Image credit YuumeiArt.com

3 supremely powerful words; “I choose you.”

If you’ve been on either end of those words you know the power of them.
For a loved one to declare ‘ I choose you’ can be the beginning of an incredible journey. Likewise, when the words change too ‘I don’t choose you’.

In my last post I was reflecting on the power of understanding our choices. We make many choices daily but most are small and sub-conscious but all are driven from a sense of self, knowledge gained from previous experience and influenced by our social environment.

In the day-to-day, the way we behave has immediate cause and effect in the moment, then the moment passes, leaving feelings and hopefully understanding in it’s wake. As part of a family unit the effect of our choices becomes more powerful because the effects are wider spread. We’re responsible for making the best choices we can make, in order to support the broader family system. As the consequences of the decisions become more significant, usually the choices warrant more conscious reflection before a decision is made. But all these choices and decisions will, over time, build our sense of personal and social identity.

Looking ahead, our world is becoming more and more digital data/information orientated. It’s human nature to be curious and want to learn and understand the world around us. But how is the age of digital information changing our sense of self? As we track the steps we take each day, the hours and quality of sleep, the distance we run or ride; we compare our selves to others more and more through social media and the tracking platforms. We’re tracking the minute and mundane daily choices we make.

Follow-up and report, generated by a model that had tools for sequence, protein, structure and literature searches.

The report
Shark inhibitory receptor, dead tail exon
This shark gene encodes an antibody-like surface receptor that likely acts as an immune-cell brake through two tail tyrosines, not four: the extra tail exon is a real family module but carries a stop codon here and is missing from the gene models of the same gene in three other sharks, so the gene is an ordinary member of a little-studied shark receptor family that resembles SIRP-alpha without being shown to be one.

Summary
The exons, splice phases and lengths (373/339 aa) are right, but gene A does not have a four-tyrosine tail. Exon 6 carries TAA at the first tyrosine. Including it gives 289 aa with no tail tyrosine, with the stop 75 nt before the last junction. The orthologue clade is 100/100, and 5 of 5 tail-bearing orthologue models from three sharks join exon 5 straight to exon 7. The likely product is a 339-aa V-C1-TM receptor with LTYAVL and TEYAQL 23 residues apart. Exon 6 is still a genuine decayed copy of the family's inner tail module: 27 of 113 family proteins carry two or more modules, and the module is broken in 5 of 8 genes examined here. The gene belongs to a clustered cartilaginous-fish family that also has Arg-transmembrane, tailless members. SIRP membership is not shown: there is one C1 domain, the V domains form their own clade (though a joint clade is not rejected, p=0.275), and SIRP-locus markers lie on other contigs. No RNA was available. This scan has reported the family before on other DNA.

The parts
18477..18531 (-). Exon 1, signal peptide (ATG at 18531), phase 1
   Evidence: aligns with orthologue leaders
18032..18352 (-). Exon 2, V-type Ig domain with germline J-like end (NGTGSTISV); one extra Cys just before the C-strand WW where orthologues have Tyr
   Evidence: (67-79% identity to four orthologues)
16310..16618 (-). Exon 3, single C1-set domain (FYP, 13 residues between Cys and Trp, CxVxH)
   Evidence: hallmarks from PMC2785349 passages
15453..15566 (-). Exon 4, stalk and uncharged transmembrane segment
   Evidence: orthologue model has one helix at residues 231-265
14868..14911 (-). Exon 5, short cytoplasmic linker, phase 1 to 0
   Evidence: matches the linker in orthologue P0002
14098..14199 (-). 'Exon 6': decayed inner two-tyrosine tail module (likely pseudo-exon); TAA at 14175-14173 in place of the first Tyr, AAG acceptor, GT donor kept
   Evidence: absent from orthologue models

What is the point of all this information capture? How is this data changing our sense of self? Are we becoming better people?

The value is in the awareness, in the knowing, that leads to understanding and hopefully better choices.

The more we reflect and understand our selves, then almost certainly that awareness leads to better choices and better behaviour; doesn’t it? We act, then reflect, then course correct and integrate the previous lessons. So we grow from the awareness, the knowledge and the reflection process. We can take ownership of our own personal ‘journey’ to self-awareness.

But does the same theory apply when others make judgements about us? How do we ensure, in the digital age, that any judgements made about us, based on our digital footprint (digital identity) are considered in the right context and with the right (ethical) understanding? How are frameworks being built to consider the fluidity of identity? Will these decision engines respect that our behaviours represent our past and may be an indicator of our future behaviours, but can they predict developing self-awareness? How will they consider the life events that shape personal transformations?

I put it to you that actions will always speak louder than words but that words plant a seed for change, growth and reflection. The words and information of our past behaviours can help us learn and then intentionally shape our next choices and decisions.The science of information analytics is beautiful and can teach us so much but the real value comes at the intersection where science meets the art of expression and freedom of choice; the very human desire to self reflect and grow.

Next time you make a conscious choice consider this; If your choice was being recorded and would later influence your eligibility to purchase a new home, apply for a job or influence acceptance in to a certain school — would that change your behaviour? Would you choose differently? Would someone say ‘I choose you’?

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Aimee Ross-Taylor

Playing at the intersection of Identity, Trust, Business Design and enlightenment. My world is beautiful chaos and sublime connection.